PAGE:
World Library  
Flag as Inappropriate
Email this Article

Warship Preservation Trust

Article Id: WHEBN0002675430
Reproduction Date:

Title: Warship Preservation Trust  
Author: World Heritage Encyclopedia
Language: English
Subject: HMS Bronington (M1115), HMS Belton (M1199), HMS Kirkliston (M1157), HMS Onyx, HMS Onyx (S21)
Publisher: World Heritage Encyclopedia

Warship Preservation Trust

Ships of the trust at Birkenhead Docks.

The Warship Preservation Trust was based in Birkenhead, Wirral, England and hosted Europe's largest collection of preserved warships.

The collection was brought to Birkenhead in 2002 and was moored in the West Float of the Birkenhead docks complex. The fleet consisted of the frigate HMS Plymouth and the submarine HMS Onyx, both from the Falklands War; the minehunter HMS Bronington; the German U-boat U-534 and LCT 7074, the last surviving tank landing craft that took part in D-Day.

On 5 February 2006 the museum closed due to being required to relocate. This was as a result of a decision to redevelop the adjacent Grade II listed former flour milling warehouses.[1] Without a replacement berthing agreement, the Trust subsequently went into voluntary liquidation.[2] By default, ownership of the collection transferred to the Mersey Docks and Harbour Company (MDHC) following the demise of the Trust.[3]


  • Fate of collection 1
    • HMS Plymouth 1.1
    • HMS Onyx 1.2
    • U-534 1.3
    • LCT 7074 1.4
    • HMS Bronington 1.5
  • References 2
  • External links 3

Fate of collection

HMS Plymouth

Plymouth City Council had expressed an interest in HMS Plymouth,[1] and the HMS Plymouth Preservation Trust undertook to raise the £250,000 needed to bring the warship back to her home city.[4] It had been hoped that the frigate could be berthed at Millbay Docks, but the offer of a berth was withdrawn in January 2007 by Associated British Ports.[5] In August 2014, the vessel was towed to Turkey where the ship was scrapped.[6]

HMS Onyx

In May 2006 HMS Onyx was sold to the Barrow-in-Furness businessman Joe Mullen, for a reported £100,000 as a 'gift to the people of Barrow'. It left Birkenhead on 13 June 2006[7] to form the centrepiece of a new heritage museum in Cumbria. However, with this new museum also running into difficulty, as of July 2014, the Onyx is awaiting to be scrapped.


On 27 June 2007, the Merseytravel transit authority announced that it had acquired U-534 to display at the Woodside Ferry Terminal.[8] For technical reasons and to facilitate economical transportation to its new site, the vessel was cut into four sections. It will be displayed in this form to allow visitors better access and visibility.[9][10] Beginning on 10 March 2008, the sections, each weighing up to 240 tonnes, were transported to Woodside by floating crane over a number of days.[11]

LCT 7074

In October 2014, LCT 7074 was re-floated and moved to Portsmouth for restoration.

HMS Bronington

Currently remains moored in Birkenhead.


  1. ^ a b Future of warships in the balance, BBC News, 18 January 2006, retrieved 19 January 2006 
  2. ^ Warship trust is now in liquidation, Wirral Globe, 1 March 2006, retrieved 9 June 2008 
  3. ^ e-petition response Plymouth HMS, 10 Downing Street, 1 June 2007, retrieved 12 August 2007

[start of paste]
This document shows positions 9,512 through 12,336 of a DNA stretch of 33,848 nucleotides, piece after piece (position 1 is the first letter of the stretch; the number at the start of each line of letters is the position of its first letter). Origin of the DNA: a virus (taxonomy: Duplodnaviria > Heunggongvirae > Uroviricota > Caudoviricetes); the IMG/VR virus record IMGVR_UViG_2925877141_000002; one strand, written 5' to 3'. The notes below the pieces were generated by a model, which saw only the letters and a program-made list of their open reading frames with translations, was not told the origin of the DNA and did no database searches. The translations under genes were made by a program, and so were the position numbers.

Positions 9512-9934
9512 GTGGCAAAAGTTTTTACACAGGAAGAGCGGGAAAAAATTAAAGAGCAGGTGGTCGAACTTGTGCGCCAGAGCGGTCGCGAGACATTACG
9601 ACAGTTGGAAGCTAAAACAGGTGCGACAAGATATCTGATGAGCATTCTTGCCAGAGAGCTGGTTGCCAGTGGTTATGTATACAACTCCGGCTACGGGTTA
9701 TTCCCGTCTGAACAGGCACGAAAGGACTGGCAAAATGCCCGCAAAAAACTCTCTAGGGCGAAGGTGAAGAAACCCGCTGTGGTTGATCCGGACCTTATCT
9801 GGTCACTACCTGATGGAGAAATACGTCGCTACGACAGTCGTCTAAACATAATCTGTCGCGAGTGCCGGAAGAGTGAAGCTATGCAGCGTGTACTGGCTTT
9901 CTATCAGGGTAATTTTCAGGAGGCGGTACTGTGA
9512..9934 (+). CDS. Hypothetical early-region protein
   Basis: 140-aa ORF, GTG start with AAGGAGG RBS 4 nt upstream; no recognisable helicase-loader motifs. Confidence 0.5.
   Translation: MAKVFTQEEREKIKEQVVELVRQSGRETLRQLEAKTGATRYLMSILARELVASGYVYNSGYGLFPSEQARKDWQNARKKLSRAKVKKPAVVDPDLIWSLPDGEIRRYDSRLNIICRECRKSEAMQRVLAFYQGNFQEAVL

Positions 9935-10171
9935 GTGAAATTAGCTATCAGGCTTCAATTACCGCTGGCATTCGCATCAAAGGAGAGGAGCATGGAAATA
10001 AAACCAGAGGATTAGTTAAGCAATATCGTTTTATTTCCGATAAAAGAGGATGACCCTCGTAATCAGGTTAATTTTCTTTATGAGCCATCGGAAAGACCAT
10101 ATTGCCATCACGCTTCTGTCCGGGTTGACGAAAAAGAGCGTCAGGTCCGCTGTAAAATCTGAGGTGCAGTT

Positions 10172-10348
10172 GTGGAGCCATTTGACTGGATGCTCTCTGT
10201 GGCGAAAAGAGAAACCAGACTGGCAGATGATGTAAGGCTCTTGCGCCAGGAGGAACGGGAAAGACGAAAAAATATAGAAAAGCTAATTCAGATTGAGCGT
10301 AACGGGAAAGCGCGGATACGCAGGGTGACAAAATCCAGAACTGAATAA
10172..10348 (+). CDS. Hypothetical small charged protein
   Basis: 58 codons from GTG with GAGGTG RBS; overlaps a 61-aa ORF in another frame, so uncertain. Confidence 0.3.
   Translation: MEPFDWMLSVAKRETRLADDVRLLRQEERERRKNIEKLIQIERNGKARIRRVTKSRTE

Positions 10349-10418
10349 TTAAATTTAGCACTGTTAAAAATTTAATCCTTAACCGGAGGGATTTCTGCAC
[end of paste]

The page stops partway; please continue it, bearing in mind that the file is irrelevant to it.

4. ^ Campaign to save veteran warship, BBC, 15 September 2006, retrieved 9 March 2008 
  5. ^ Warship's berth offer withdrawn, BBC News, 22 January 2007, retrieved 9 June 2008 
  6. ^ The final journey of HMS Plymouth, Daily Mail, 20 August 2014, retrieved 5 January 2015 
  7. ^ Photo: HMS Onyx leaves Birkenhead, Maritime Aviation News, retrieved 12 August 2007 
  8. ^ Woodside Ferry to be new home for rescued U-boat, Liverpool Daily Post, 27 June 2007, retrieved 25 September 2007 
  9. ^ About U-534, Mersey Ferries, retrieved 9 June 2008 
  10. ^ U-boat's future is secured, Liverpool Daily Post, 22 October 2007, retrieved 22 October 2007 
  11. ^ U-534 Latest News, Mersey Ferries, retrieved 9 June 2008 

External links

  • Main web site of the Trust
  • WPT at

This article was sourced from Creative Commons Attribution-ShareAlike License; additional terms may apply. World Heritage Encyclopedia content is assembled from numerous content providers, Open Access Publishing, and in compliance with The Fair Access to Science and Technology Research Act (FASTR), Wikimedia Foundation, Inc., Public Library of Science, The Encyclopedia of Life, Open Book Publishers (OBP), PubMed, U.S. National Library of Medicine, National Center for Biotechnology Information, U.S. National Library of Medicine, National Institutes of Health (NIH), U.S. Department of Health & Human Services, and, which sources content from all federal, state, local, tribal, and territorial government publication portals (.gov, .mil, .edu). Funding for and content contributors is made possible from the U.S. Congress, E-Government Act of 2002.
Crowd sourced content that is contributed to World Heritage Encyclopedia is peer reviewed and edited by our editorial staff to ensure quality scholarly research articles.
By using this site, you agree to the Terms of Use and Privacy Policy. World Heritage Encyclopedia™ is a registered trademark of the World Public Library Association, a non-profit organization.

Copyright © World Library Foundation. All rights reserved. eBooks from Project Gutenberg are sponsored by the World Library Foundation,
a 501c(4) Member's Support Non-Profit Organization, and is NOT affiliated with any governmental agency or department.